Ken W. Hanley is the Managing Web Editor for FANGORIA and STARLOG, as well as the former Web Editor for Diabolique Magazine and a contributing writer to YouWonCannes.com. He’s a graduate from Montclair State University, where he received an award for Excellence in Screenwriting. He’s currently working on screenplays, his debut novel “THE I IN EVIL”, and various other projects, and can be followed on Twitter: @movieguyiguess.
The Cutting Room: Director Ciaran Foy talks “SINISTER 2”Fearful Features,Movies/TV,News Ken W. Hanley
Welcome to THE CUTTING ROOM, a new weekly column on FANGORIA.com that highlights the stories that most share DNA of our print counterpart. Rather than just feature the articles and interviews that didn’t make the cut, this column is dedicated to providing a greater lifeline between FANGORIA Magazine and FANGORIA.com.
As many directors can tell you, there’s an inherent pressure when you direct a sequel to a beloved film, especially when the film is a macabre modern masterpiece such as SINISTER. Expectations are high from producers to audiences to critics, and it’s rarely an enviable place to be. However, in the case of Ciaran Foy and SINISTER 2, those expectations are off-set by the blessing of Jason Blum, C. Robert Cargill and Scott Derrickson, allowing the fright filmmaker to further the concept and mythology behind Bughuul rather than retread familiar territory. With the film now on DVD/Blu-ray from Gramercy Pictures, FANGORIA spoke to Foy about being up to snuff on SINISTER 2…
FANGORIA: So how did you come to a project like SINISTER 2?
CIARAN FOY: I actually got this job through Twitter and a bizarre circumstance. Scott Derrickson actually tweeted at me in January of 2014 that he watched my movie CITADEL on Netflix, so I replied to his tweet and said thanks. So he started following me and direct messaging me a lot of questions about CITADEL, like my experience with working with kids, what my budget was like, what my schedule was like, etc. And then he said that I would be the perfect director for SINISTER 2 and sent me the script. So this movie really came to me.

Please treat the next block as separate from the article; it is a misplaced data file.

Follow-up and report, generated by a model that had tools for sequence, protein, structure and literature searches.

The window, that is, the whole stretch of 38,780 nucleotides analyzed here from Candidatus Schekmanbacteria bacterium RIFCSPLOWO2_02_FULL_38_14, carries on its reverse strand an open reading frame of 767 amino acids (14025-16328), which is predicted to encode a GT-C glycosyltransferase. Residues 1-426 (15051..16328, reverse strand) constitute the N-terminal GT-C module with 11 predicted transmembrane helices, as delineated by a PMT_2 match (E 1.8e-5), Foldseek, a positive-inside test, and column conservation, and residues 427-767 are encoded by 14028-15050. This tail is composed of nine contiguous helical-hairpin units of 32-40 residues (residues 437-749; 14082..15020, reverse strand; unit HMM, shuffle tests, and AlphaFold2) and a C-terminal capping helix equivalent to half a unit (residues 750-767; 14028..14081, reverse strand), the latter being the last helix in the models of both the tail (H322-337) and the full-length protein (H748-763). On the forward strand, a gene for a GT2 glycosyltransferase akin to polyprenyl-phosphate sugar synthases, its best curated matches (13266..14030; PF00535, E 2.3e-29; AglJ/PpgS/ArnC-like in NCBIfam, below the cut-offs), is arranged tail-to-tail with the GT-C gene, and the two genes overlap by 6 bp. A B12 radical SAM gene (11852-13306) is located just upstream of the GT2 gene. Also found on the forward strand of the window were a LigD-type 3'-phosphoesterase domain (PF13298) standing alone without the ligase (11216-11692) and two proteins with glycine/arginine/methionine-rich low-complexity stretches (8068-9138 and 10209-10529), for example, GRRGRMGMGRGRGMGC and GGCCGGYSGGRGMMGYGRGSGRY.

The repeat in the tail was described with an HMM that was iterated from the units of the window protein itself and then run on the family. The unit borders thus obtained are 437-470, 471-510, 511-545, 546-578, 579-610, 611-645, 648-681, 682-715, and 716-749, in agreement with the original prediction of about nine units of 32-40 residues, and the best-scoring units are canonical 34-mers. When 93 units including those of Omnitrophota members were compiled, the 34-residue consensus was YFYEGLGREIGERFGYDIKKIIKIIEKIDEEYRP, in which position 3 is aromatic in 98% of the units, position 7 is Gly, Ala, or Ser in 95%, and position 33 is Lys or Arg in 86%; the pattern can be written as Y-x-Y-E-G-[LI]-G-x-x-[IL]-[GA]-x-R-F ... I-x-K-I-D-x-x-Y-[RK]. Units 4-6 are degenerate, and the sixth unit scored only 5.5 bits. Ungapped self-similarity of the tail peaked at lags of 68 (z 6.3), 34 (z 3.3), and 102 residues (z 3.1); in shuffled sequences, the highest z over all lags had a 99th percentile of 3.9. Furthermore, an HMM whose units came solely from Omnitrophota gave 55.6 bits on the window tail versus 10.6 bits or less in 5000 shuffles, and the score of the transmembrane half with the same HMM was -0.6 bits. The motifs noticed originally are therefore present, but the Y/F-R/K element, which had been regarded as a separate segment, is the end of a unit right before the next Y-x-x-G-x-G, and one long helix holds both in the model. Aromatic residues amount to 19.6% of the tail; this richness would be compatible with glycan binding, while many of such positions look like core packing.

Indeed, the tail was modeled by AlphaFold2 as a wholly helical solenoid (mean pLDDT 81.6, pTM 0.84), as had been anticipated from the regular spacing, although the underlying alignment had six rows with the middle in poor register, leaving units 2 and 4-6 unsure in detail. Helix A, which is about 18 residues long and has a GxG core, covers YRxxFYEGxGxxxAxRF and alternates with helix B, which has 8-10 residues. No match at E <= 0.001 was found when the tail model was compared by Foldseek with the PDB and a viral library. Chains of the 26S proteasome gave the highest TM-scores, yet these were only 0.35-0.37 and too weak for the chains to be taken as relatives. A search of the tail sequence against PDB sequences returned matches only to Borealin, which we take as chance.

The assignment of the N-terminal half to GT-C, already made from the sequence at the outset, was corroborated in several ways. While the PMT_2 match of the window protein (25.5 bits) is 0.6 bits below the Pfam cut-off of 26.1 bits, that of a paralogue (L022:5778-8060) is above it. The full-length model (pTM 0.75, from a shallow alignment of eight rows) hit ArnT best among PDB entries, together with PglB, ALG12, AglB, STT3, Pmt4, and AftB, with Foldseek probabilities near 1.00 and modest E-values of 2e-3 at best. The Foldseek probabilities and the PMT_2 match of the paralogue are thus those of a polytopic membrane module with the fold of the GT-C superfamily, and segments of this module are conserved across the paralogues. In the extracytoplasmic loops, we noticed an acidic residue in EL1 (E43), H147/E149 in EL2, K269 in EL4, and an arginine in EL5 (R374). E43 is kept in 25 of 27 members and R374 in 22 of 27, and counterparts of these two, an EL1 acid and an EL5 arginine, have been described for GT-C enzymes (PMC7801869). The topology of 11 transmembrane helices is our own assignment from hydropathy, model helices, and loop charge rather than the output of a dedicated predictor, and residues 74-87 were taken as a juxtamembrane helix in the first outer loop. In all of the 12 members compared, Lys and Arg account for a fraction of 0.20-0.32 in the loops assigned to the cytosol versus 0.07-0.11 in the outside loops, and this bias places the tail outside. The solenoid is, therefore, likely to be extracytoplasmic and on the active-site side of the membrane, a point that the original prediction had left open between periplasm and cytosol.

FANGORIA: Were you at all intimidated by the prospect of stepping into Scott’s shoes?
FOY: I really didn’t think I was stepping into anyone shoes in the sense that when Scott saw CITADEL, he saw a filmmaker whose aesthetics and work wasn’t so far away from what he would do. There wasn’t even an expectation to pay homage to the first movie, let alone replicate anyone’s style. One of the things that Scott said to me from the get go was that SINISTER 2 was my movie so I felt that I had the freedom to craft the film that I wanted to craft. Obviously at the same time the film needs to feel like it’s in the same universe as the first one. For instance, there was a scene where I wanted to replicate a famous shop from the first movie so we got to replicate that on film while referencing the style of the first movie. But for SINISTER 2 to feel like my movie I had to take it in the direction that I thought worked best.